About Good Scents

The cut flower business ended in 2011 but I continue to post other items about gardening.

Wednesday, March 5, 2008

Antirrhinum majus (Snapdragon)

I never once grew snapdragons before I started selling cut flowers. I had seen them in grower’s bunches at the Farmer’s Market and they just didn’t appeal to me. They are still not one of my favorites – I prefer delphiniums for spiky flowers – but they are useful and have many good points. First, they come in a wide range of colors – scarlet reds, pale yellows, pinks, crimson, bronze plus some unusual bi-colors I discovered last year. Second, they are quite productive and each plant will re-bloom later in the year. Lastly, as annuals they can be succession sown so you can have wave after wave of snapdragons for much of the summer.

Most of the snapdragon plants sold at nurseries and the Farmer's Market are shorter kinds that are intended as bedding plants. The cut flower varieties usually have to be started from seed. There are many different kinds of snapdragons used for cut flowers. The most common field grown snapdragon is the Rocket Series. If you see grower bunches of snapdragons at the Farmer’s Market, they are probably Rocket.

White snapdragons with orange and yellow rudbeckias, purple lisianthus and white feverfew.

There are also some fancier “greenhouse” snapdragons. These have been bred to flower under different day lengths and are typically grown by big growers in huge greenhouses, though some can also be grown in the field. One of the advantages of growing snapdragons in a greenhouse is that the lower flowers in the spike drop off once the flower has been pollinated. This means field grown snapdragons have relatively short flower spikes. There are few if any bees in a greenhouse so the lower flowers remain on the spike longer and the result is a longer spike of flowers. When you see tall snapdragons at the florist, they are greenhouse grown.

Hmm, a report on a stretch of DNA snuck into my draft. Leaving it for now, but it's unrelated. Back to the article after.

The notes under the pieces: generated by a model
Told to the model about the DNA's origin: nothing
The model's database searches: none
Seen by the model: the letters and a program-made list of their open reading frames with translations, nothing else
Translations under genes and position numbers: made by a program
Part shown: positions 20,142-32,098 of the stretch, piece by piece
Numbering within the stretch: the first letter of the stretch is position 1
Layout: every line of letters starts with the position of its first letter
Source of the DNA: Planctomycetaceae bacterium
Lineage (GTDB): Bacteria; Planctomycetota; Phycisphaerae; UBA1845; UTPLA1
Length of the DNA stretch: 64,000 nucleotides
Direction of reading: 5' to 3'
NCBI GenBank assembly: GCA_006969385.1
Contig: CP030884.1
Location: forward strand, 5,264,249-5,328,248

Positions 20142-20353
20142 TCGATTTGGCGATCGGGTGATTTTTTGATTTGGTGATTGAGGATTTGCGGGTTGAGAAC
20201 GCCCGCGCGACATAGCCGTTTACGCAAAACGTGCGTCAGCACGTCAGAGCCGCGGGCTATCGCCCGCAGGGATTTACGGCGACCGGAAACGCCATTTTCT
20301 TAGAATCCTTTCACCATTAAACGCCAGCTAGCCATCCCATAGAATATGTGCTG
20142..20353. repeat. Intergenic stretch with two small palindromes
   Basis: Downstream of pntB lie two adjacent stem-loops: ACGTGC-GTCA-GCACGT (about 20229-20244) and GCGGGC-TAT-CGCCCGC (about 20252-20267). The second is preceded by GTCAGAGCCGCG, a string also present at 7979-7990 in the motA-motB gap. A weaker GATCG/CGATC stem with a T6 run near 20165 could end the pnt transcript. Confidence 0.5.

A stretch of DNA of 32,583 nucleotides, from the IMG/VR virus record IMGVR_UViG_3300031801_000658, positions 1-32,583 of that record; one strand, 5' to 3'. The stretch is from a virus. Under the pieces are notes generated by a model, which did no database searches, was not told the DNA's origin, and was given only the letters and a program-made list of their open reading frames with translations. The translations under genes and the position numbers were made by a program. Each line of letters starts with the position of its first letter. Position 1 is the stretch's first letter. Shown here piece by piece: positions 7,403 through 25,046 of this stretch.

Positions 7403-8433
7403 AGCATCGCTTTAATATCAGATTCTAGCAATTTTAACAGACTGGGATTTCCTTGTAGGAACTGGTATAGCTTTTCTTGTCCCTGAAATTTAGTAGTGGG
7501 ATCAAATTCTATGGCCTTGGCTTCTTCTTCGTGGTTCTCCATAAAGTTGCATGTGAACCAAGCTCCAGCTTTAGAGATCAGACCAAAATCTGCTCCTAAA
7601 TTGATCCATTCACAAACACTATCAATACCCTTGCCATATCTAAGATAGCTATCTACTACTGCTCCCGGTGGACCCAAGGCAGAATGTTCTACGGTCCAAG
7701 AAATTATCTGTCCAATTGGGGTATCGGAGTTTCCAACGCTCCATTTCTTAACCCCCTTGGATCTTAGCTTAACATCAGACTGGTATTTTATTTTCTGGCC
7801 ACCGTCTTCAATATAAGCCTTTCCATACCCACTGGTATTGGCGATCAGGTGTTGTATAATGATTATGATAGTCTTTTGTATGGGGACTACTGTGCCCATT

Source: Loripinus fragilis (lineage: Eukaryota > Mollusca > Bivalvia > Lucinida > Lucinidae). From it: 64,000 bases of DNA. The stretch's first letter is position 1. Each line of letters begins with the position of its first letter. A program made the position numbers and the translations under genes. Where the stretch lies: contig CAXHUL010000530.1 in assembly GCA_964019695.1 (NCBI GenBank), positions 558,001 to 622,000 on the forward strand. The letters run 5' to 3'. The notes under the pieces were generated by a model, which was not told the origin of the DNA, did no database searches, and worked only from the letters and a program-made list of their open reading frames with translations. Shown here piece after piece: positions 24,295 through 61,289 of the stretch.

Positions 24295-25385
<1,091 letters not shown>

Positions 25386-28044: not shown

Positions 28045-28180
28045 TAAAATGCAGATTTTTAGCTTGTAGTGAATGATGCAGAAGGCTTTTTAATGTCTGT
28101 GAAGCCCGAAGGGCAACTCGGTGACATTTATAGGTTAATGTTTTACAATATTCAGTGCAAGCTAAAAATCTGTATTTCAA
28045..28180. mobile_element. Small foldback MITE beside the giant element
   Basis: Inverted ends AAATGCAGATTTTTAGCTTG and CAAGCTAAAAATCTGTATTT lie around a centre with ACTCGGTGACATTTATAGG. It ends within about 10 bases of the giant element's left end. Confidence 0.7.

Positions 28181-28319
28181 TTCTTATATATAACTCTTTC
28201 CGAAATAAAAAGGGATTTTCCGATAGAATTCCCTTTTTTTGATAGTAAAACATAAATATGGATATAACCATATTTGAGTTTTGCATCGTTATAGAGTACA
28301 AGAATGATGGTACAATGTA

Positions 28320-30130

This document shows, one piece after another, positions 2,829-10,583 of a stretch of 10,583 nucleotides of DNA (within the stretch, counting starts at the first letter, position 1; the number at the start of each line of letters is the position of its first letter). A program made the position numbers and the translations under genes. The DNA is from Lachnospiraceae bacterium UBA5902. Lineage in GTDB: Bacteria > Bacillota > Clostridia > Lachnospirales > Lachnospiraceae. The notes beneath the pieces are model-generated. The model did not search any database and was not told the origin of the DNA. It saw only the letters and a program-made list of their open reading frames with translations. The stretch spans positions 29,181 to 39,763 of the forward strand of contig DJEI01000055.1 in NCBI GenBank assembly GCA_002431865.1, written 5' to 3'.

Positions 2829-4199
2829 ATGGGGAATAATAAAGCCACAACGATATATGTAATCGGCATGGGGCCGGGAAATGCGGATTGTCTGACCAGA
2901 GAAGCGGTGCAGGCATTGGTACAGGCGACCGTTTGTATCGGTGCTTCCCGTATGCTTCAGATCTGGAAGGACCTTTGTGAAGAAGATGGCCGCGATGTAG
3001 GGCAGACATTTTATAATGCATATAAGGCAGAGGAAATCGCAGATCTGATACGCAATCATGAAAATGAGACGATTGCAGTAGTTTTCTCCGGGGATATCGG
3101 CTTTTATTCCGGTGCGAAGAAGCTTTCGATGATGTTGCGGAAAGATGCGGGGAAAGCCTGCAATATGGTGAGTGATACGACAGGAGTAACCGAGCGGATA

I don’t have greenhouse space for snapdragons but a couple years ago I did try covering the beds with row covers to keep the bees out. This worked remarkably well and I had really nice, long spiked snapdragons. But, I had problems making a framework to support the row cover. I used PVC pipe and it worked but was more work than I’d prefer. Last year I didn't manage to do this so the spikes were shorter, but I hope to figure something out for this year. The row covers definitely made nicer flowers.

This year I’m going to start three different varieties of snapdragons in seven different colors. I am growing red, yellow, white and rose from the Rocket series. I am also growing the Opus series of greenhouse snapdragons in bronze and appleblossom, a white and pink bicolor. I'm also going to try Madame Butterfly, an "azalea flowered double". I have no idea what that really means but it sounds cool, doesn't it?

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